Hunton Profile

Administrative Law Task Force

The Administrative Task Force plays a critical role in keeping our OSHA practice current and vibrant.  We follow developments daily and we work together to analyze the impact that proposed and actual changes will have on the law in general and specifically on our client’s industries. Employers today face an unprecedented range of workplace safety and OSHA legal issues as government increases worker safety and health regulation and demands meticulous reviews by its OSHA inspection force.

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Update On Form W-2 Reporting Of Group Health Benefits - Treatment Of On-Site Medical Clinics

The Patient Protection and Affordable Care Act requires that employers report the aggregate cost of “applicable employer-sponsored coverage” on Form W-2.  (See our August 6, 2012, posting entitled “Reminder – 2012 Form W-2 Reporting For Group Health Plans” for an explanation of this requirement.)  Applicable employer-sponsored coverage generally includes coverage under any group health plan made available to employees by an employer that is excludable from gross income.  In providing an enumerated list of the types of coverage that are exempt from the reporting requirement, the Internal Revenue Service explained in Notice 2012-9 (Q&A-12) that the term “applicable employer-sponsored coverage” generally does not include any coverage for HIPAA-excepted benefits, other than coverage for on-site medical clinics.

The general rule for on-site medical clinics, according to Notice 2012-9 (Q&A-32), is that coverage provided under the clinic is includible in the aggregate reportable cost of employer-sponsored coverage if the coverage qualifies as a group health plan.  A group health plan, for this purpose, generally is an employer plan that provides health care to employees, former employees, or others associated with the employer in a business relationship.  Health care, under the HIPAA rules, includes items such as preventive, diagnostic, and therapeutic services; procedures addressing a person’s physical, mental or bodily functions; and the sale or dispensing of drugs or other medical devices.  So, if an employer’s on-site clinic provides any of these services (as most traditional, non-employer-affiliated clinics do), the cost of coverage provided under the clinic should be included when determining the aggregate reportable cost of employer-sponsored coverage for the Form W-2.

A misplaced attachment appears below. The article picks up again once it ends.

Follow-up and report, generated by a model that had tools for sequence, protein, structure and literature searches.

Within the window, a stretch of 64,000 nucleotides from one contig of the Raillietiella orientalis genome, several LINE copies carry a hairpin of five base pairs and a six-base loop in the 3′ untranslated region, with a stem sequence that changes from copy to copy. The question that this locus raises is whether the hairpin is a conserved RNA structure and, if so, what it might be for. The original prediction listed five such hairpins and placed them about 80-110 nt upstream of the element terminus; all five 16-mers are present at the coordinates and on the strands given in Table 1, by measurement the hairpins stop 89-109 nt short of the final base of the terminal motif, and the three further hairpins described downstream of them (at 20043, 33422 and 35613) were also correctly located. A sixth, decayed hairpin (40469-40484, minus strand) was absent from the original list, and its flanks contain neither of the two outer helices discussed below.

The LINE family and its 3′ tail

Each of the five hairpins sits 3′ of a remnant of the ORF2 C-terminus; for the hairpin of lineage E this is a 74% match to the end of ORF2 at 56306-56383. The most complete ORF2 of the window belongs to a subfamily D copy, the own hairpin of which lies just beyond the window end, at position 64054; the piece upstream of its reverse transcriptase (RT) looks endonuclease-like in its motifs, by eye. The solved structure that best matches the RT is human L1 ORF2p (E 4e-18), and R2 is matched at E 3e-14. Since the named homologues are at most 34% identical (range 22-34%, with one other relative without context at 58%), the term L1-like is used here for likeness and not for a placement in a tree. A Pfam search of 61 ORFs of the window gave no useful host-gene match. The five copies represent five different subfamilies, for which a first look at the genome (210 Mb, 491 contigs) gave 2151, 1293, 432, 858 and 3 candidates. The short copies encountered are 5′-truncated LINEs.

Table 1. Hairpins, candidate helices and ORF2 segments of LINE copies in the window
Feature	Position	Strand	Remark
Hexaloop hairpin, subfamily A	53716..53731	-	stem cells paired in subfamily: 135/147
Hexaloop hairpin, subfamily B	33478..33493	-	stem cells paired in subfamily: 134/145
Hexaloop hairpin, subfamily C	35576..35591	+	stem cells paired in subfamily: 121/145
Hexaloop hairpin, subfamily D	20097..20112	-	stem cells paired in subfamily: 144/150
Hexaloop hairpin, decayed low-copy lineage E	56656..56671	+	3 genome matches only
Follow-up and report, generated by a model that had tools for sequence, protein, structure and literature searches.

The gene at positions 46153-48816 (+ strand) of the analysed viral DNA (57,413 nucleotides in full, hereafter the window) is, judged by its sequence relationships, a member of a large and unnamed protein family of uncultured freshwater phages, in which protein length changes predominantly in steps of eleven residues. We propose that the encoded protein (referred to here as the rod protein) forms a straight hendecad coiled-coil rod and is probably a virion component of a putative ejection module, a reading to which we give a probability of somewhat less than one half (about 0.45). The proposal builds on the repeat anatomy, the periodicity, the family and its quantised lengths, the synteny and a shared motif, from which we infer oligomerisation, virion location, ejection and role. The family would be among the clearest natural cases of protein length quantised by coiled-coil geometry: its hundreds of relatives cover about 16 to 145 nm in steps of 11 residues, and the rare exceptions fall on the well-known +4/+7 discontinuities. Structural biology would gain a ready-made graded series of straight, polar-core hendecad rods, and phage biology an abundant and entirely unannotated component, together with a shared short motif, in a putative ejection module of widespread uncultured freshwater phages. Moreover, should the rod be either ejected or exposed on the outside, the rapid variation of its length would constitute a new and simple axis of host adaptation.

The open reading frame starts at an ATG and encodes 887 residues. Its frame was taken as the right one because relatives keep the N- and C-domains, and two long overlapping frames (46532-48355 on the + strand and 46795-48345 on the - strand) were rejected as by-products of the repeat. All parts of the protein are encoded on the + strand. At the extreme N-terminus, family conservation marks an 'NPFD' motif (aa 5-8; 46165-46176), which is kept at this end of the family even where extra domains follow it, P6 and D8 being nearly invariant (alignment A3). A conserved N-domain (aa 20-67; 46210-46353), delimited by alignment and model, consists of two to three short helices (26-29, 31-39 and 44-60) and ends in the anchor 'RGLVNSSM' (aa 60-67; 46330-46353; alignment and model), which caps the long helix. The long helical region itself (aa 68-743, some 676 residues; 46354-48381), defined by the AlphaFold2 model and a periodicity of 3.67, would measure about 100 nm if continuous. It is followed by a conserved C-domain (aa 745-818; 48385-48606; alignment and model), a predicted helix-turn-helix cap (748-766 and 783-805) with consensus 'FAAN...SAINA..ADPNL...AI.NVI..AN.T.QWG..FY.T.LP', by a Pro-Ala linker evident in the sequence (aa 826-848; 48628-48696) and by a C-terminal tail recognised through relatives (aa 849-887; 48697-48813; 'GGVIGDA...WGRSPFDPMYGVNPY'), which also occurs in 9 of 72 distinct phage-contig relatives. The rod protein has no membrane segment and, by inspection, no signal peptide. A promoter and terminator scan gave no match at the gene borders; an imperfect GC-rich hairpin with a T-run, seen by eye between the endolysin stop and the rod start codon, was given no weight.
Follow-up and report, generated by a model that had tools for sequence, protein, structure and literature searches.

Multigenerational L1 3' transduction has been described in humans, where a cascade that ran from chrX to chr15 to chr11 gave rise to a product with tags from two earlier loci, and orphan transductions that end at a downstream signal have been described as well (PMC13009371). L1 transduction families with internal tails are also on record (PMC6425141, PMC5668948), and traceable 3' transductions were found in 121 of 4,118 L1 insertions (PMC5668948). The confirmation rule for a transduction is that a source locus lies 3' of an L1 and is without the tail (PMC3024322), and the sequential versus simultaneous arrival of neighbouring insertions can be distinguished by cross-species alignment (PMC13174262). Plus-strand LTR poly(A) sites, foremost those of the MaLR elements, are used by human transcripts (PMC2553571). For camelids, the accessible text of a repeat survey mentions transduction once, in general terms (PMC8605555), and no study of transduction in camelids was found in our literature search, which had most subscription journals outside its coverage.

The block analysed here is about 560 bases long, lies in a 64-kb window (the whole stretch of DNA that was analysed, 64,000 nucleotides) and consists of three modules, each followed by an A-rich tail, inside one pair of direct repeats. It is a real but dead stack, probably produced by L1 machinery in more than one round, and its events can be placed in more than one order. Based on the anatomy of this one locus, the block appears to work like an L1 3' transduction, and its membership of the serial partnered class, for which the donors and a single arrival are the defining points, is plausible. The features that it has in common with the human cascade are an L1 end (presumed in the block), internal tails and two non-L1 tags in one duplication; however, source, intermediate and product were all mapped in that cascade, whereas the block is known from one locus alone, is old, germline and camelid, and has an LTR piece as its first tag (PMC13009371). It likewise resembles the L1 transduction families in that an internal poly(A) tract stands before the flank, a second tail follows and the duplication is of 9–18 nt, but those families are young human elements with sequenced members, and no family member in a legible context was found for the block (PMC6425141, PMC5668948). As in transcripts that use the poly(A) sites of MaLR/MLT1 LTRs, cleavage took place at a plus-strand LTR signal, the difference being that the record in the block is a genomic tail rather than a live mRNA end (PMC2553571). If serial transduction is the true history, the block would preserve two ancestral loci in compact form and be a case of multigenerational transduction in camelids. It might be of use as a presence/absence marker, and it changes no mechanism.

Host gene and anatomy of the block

Notwithstanding this, Q&A-32 provides an exception to this reporting requirement if an employer does not charge a COBRA premium for access to the on-site clinic.  In other words, if former employees have free access to the employer’s on-site clinic for the duration of the period that they are entitled to COBRA coverage, then the cost of the clinic coverage may be excluded when calculating the aggregate reportable cost of employer-sponsored coverage.  Employers who charge a COBRA premium to former employees for access to an on-site clinic will not qualify for this reporting exception and, generally, should use that COBRA premium when calculating the aggregate reportable cost.  (Other methods for determining the aggregate reportable cost of employer-sponsored coverage are discussed in Notice 2012-9 (Q&A-24).)

Aggregate reportable cost information must appear on the 2012 Form W-2.  In Notice 2012-9, however, the IRS provided transition relief for employers with on-site medical clinics.  The cost of clinic coverage need not be included until the 2013 Form W-2, due January 31, 2014.

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